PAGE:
Introduction: The Indian Ocean tsunami in 2004 received massive media coverage as it affected many countries, among others Indonesia, Thailand, Sri Lanka and India. In all 229,866 lives were lost and many changed forever as people try to cope with their grief and struggles of re-building their lives. It has been reported that 70-80 % of all natural disasters occur in Asia, and are estimated to increase in the future. It is thus important to have good cultural adaptive interventions at hand when such calamities occur to address the needs of the affected people, in particular school children who are a vulnerable group in mass disasters. To have a crises intervention plan is especially vital in developing countries, where mental health is not on the daily agenda.
Research questions: What are the post-tsunami mental health effects in school children and the prevalence of post-traumatic stress disorder? What may be the role of the teacher in psychosocial intervention? Significant attention is given in this thesis to the cultural understanding of the tsunami how the trauma related symptoms were perceived by the affected pupils, and possible cultural sensitive interventions.
Method: The method of literature review was used to answer the stated research questions. It is my aim to present and discuss research and theory, establishing an overview of what researchers have published, and through this present literature relevant to this topic. I have mainly used electronic databases to find related literature. The key words used in the search were combinations of: tsunami, trauma, PTSD, children, mental health, psychosocial support, disaster aid and culture. Many key word combinations received a high number of hits, therefore a selection of relevant studies was chosen, and thus this literature presentation is not exhaustive. Four research studies were used as main literature, in addition to four articles and two editorials as supportive literature. The main criteria for choosing an article, besides its relevance, was that it is published in an acknowledged journal that is peer-reviewed.
Presentation: Children are vulnerable in the aftermath of disasters, and many consequently experience psychological distress. Thienkrua and colleagues (2006) found that 13 % of children living in camps, 11 % of children from affected villages, and 6 % of children from unaffected villages reported PTSD symptoms in Thailand. In a collaborative study, van Griensven and colleagues (2006) reported that 12 % displaced and 7 % of non-displaced adults in Phang Nga, and 3 % of non-displaced adults in Krabi and Phuket reported PTSD symptoms. Bhushan and Kumar (2007) conducted an assessment of distress and post-traumatic stress in Indian children, with results showing a high level of post-traumatic stress. Neuner and colleagues (2006) assessed children’s prevalence of PTSD in Sri Lanka, where prevalence rates of tsunami-related PTSD ranged between 14 % and 39 % and an additional 5 to 8 % had PTSD unrelated to the tsunami. It is evident, based on these researches, that there is an essential need of intervention after a mass disaster. Teachers may be important resources for psychosocial support. The main roles of teachers is to provide pupils with opportunities to express thoughts and feelings, share accurate information, engage children in the community and referral of children with severe distress. It is reported that therapeutic effect of their psychosocial support can be achieved through utilizing cognitive-behavioral strategies adapted to the cultural context in the school-setting.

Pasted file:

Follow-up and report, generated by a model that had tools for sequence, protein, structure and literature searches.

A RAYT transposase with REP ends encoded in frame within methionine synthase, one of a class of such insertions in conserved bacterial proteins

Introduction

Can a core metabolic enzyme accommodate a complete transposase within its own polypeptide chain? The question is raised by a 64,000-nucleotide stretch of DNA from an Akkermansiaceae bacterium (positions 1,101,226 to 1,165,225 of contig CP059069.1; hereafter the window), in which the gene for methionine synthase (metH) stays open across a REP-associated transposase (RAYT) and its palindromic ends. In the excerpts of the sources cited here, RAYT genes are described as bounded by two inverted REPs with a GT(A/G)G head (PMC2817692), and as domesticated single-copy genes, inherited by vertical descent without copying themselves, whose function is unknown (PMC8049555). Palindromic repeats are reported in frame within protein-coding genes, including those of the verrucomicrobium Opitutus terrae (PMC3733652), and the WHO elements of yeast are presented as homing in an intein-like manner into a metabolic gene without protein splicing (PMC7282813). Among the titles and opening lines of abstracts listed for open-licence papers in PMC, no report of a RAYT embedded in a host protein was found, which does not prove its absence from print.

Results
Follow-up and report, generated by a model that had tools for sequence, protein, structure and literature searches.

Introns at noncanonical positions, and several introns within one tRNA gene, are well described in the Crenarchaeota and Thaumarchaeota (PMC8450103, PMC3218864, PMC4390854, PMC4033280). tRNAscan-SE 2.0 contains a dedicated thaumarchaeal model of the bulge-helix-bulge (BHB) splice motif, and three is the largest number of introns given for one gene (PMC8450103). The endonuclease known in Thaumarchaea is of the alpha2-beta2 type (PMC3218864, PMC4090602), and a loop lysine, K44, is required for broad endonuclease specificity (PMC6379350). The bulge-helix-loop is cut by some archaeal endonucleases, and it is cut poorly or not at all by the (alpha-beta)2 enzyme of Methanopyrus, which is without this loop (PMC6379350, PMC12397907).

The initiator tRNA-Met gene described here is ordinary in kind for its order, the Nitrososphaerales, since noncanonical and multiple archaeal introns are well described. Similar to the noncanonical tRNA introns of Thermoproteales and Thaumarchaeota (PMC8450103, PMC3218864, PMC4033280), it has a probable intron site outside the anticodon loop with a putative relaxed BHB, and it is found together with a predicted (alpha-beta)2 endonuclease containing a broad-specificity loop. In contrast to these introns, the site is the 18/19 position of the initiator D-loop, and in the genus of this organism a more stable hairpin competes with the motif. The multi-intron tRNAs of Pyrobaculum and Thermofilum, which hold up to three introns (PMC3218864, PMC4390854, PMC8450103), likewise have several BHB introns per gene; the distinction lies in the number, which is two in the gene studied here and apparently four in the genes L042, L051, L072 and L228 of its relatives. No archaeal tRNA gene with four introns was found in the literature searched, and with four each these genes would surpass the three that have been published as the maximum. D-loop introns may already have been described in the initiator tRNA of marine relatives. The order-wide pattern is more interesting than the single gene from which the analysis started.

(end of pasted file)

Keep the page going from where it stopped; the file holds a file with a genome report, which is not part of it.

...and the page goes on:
Conclusion: Many children and adults were negatively affected by the tsunami, experiencing prolonged distress and some PTSD. This distress has been reported to affect children’s learning abilities and parents’ ability to care for their children. All children have the right to evidence-based treatment, which is however limited in developing countries. Research states that there is potential in applying cognitive-behavioral strategies, especially since they can easily be adapted to various cultural contexts and may have with their psycho-educational elements a natural role in school-based intervention. Acknowledging the value of keeping an open dialog with community and religious leaders, and including local professionals and teachers, may be the key to successful psychosocial support and intervention after disasters. More research is urgently needed to assess the efficiency of the above stated interventions.